When I call AmeriScan's Scottsdale headquarters to ask about meeting Bittner, director of marketing Stephanie Darcy proposes an interview at the King of Prussia Mall outside Philadelphia, where AmeriScan recently opened up a center between a Cheesecake Factory and a Morton's steak house. Darcy is clearly practiced at playing up the "mall doctor" angle, baiting me with lines like "You can clog your arteries next door, and then see us to check them out."

It turns out that Bittner is planning a visit to San Francisco, so we meet on a crisp Friday in February at the center I first spotted. He's 6 foot 4, with all-American good looks and the confident, easygoing demeanor you want in someone who's about to probe your internal organs. The store has been operating for a month, though its grand opening was delayed because the MRI machine "quenched"--that is, its superconducting magnets unexpectedly shut down and it vented helium coolant through the roof. A sewage backup cost more time and forced Bittner to buy new carpeting.

Despite the setbacks, he says San Francisco is the perfect location for AmeriScan, thanks to the Bay Area's tech-friendly, "wellness aware" population. He admits to buying demographic data from Claritas--the same company that helps auto dealers choose locations--but his most trusted site-selection insights have come from mall developers. "I just ask them how much revenue their Nordstrom does," he says. "If they do well, we'll do well."

The first thing he points out in the center is the color of the walls. "We call these our Sonoran desert colors," he says, "which we use in all our sites." I agree with him that the palette produces a relaxing, spa-like effect, as do the soft leather chairs. "We have plastic surgeon friends who go in for that Elizabethan stuff," he adds. "That's not our feel."

"Feel" comes up a lot. For example, Bittner says he has had to retrain doctors (AmeriScan contracts the work of evaluating scans to freelance radiologists) to be more approachable: "I have to remind them, 'Don't say cholelithiasis, say gallstones.'" Receptionists need a tougher skin, since Bittner says doctors sometimes walk in off the street and angrily accuse the staff of running a scam. "Our people have to stand up and say, 'Here are the medical references that you might want to look at,'" he tells me.

As Bittner leads me back to the examination rooms, I mention the radio ad. He says he tailored the narration to appeal to his target audience--homeowners 45 to 64 years old. "If you were doing a car sales ad," he says, "you might push 190 words in 60 seconds. We try to keep it under 165." Sensing my amazement that he knows this stuff, he reveals that his mother was once a top Lincoln-Mercury salesperson and was its first female fleet sales manager. (His father was a "one-man plumber.")

In the exam rooms, Bittner shows me the Siemens Sensation 16, which he praises as "the atomic bomb of CT scanning." It's an uncharacteristically poor choice of words, since radiation is one reason doctors don't endorse unnecessary CT procedures. I also get a look at the temperamental $1.5 million MRI machine, a 3-foot-long cylinder with a small opening through which patients slide. Bittner says that last year, when he had only four centers, he did just under $10 million in sales. He's hoping that an expanded menu of zero-radiation MRI services will push per-center revenue to $3 million or more. It will also leave AmeriScan less vulnerable should the FDA decide to prohibit CT scanning without a physician's referral, which, given radiation concerns, Bittner thinks is a real possibility.

On a shelf along the wall, I spot pink paper bags, which turn out to contain gift-with-purchase souvenirs for the $1,695 MRI BreastScreen. I already know from Bittner's radio ads that his mother is a breast cancer survivor, and that X-ray mammography missed her tumor. He says reputable studies show that MRI detects nearly all breast cancers, though he admits that the claim doesn't make him popular at medical conferences. "I go in front of big radiology boards all the time and say, 'Guys, when you tell people mammography is the gold standard, you're killing women,'" he says. "I know it's not the party line, but I took a Hippocratic oath to do no harm. And withholding technology that saves lives is doing harm."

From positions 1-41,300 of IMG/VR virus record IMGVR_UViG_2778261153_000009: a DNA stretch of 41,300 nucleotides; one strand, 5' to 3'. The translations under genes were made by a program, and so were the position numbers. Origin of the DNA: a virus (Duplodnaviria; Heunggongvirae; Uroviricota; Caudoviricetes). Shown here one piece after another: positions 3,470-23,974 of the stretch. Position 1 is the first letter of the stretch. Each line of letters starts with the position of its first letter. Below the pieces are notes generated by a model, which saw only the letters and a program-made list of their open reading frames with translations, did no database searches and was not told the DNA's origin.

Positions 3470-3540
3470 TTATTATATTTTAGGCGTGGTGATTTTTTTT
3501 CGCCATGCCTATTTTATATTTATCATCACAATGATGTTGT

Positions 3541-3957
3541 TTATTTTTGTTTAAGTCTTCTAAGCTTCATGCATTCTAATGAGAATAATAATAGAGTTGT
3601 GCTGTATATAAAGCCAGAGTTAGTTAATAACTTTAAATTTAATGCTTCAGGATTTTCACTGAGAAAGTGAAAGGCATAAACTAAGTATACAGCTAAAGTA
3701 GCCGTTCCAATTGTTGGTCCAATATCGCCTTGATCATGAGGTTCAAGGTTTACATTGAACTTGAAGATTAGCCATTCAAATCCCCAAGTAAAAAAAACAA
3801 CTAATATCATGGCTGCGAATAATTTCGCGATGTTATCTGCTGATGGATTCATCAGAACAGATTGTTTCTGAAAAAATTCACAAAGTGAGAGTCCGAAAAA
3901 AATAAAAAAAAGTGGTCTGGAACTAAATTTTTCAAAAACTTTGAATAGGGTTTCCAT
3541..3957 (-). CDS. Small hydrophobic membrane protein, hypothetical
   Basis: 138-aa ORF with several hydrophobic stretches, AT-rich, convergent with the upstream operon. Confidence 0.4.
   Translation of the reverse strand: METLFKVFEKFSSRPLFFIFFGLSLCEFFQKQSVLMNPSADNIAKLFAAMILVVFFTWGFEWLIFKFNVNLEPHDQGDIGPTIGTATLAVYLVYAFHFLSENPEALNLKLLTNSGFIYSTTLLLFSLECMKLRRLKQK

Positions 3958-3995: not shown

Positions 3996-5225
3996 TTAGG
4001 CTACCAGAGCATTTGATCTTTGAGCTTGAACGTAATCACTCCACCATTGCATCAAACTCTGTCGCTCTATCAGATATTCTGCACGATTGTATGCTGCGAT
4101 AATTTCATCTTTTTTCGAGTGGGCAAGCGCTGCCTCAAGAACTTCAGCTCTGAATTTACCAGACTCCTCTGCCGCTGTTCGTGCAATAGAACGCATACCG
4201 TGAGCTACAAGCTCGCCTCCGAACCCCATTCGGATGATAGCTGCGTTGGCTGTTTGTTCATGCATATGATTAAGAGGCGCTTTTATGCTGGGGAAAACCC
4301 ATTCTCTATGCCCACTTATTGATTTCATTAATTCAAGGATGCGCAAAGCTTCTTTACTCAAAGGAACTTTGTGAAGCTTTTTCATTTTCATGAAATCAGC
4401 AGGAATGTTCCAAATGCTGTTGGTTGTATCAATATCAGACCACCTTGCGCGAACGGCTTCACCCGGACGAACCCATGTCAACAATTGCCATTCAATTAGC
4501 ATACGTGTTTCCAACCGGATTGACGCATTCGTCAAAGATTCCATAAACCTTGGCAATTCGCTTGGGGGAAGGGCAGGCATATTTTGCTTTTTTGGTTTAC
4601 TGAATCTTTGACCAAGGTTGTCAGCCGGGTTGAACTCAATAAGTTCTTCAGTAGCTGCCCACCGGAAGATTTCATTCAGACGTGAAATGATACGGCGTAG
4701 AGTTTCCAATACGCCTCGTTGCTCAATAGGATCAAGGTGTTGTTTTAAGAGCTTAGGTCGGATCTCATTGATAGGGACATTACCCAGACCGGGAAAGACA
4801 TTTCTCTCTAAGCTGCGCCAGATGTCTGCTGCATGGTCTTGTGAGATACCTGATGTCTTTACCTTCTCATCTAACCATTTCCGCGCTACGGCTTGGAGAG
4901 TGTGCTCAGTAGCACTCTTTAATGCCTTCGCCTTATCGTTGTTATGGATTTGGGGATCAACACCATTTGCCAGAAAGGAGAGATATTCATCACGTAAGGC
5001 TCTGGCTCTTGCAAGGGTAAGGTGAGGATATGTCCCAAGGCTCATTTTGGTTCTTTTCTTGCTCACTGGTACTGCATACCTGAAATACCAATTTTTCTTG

Famished, we head to an Italian restaurant in the mall. Along the way, Bittner shows me little things he does to preserve his own health. He makes sure we walk up the stairs rather than take the escalator, and promises to order "something with sausage, but not in a cream sauce." At our table, he tells me AmeriScan has the potential to get people thinking about their bodies the way he does, because once someone sees inside the temple, they're more likely to revere it. In fact, he wonders why big pharmaceutical companies haven't already invested in AmeriScan. "Take Merck," he says. "The average age that a patient starts on statins"--cholesterol-reducing drugs like Merck's Zocor--"is in the early 50s. We could lower that by a decade."

He anticipates my next question.

"There are those who say I'm peddling paranoia. They have it all wrong. The issue is, How do you get people to stop smoking, to quit buttering their bread? You do it by saying, 'Bob, here's a picture of your heart. Put it up on your fridge.' That's how they see they're screwing themselves. And we're talking, at most, $2,000 for the whole shebang, so to speak."

Choosing a scan isn't easy. do I want the "Complete Cardiac Evaluation" or the "Executive Health Evaluation"? On the advice of the AmeriScan operator, I opt for the "Zero Radiation MRI Full Body With Head," which costs $1,160 and comes with a Windows-compatible CD-ROM of my images. She fails to tempt me with a half-price special on a virtual colonoscopy.

On the day of my appointment, a video in the window advertises Baby SneakPeak, a high-resolution MRI of a child in utero for $495. Baby SneakPeak is to ultrasound what high-definition TV is to an old black-and-white console. The digitized baby in the window is Bittner's unborn son, Max.

The scanning takes 10 minutes. Less than half an hour later, Helen, a nurse practitioner, is showing me--slice by slice--my own brain. We fly through my lungs, kidneys, and liver, and watch a three-dimensional movie of my heart, all on a PC display. Not to brag about my own tissue, but seeing these things is so incredible that I almost pass out. Helen asks if I'm OK and then uses the mouse to measure my prostate. "39.05 millimeters," she says. "Normal."

A week later the radiologist's report, signed by Bittner himself, arrives in the mail. Happily, it's a clean bill of health. It concludes by recommending additional scans for "optimal health screening and protection."

Sound advice, or opportunistic cross-sell? Without a second opinion, it's hard to say. But if Bittner succeeds where others have failed, perhaps it's because, like every great marketer, he truly believes he's offering both.

Andy Raskin ( is a senior writer at Business 2.0.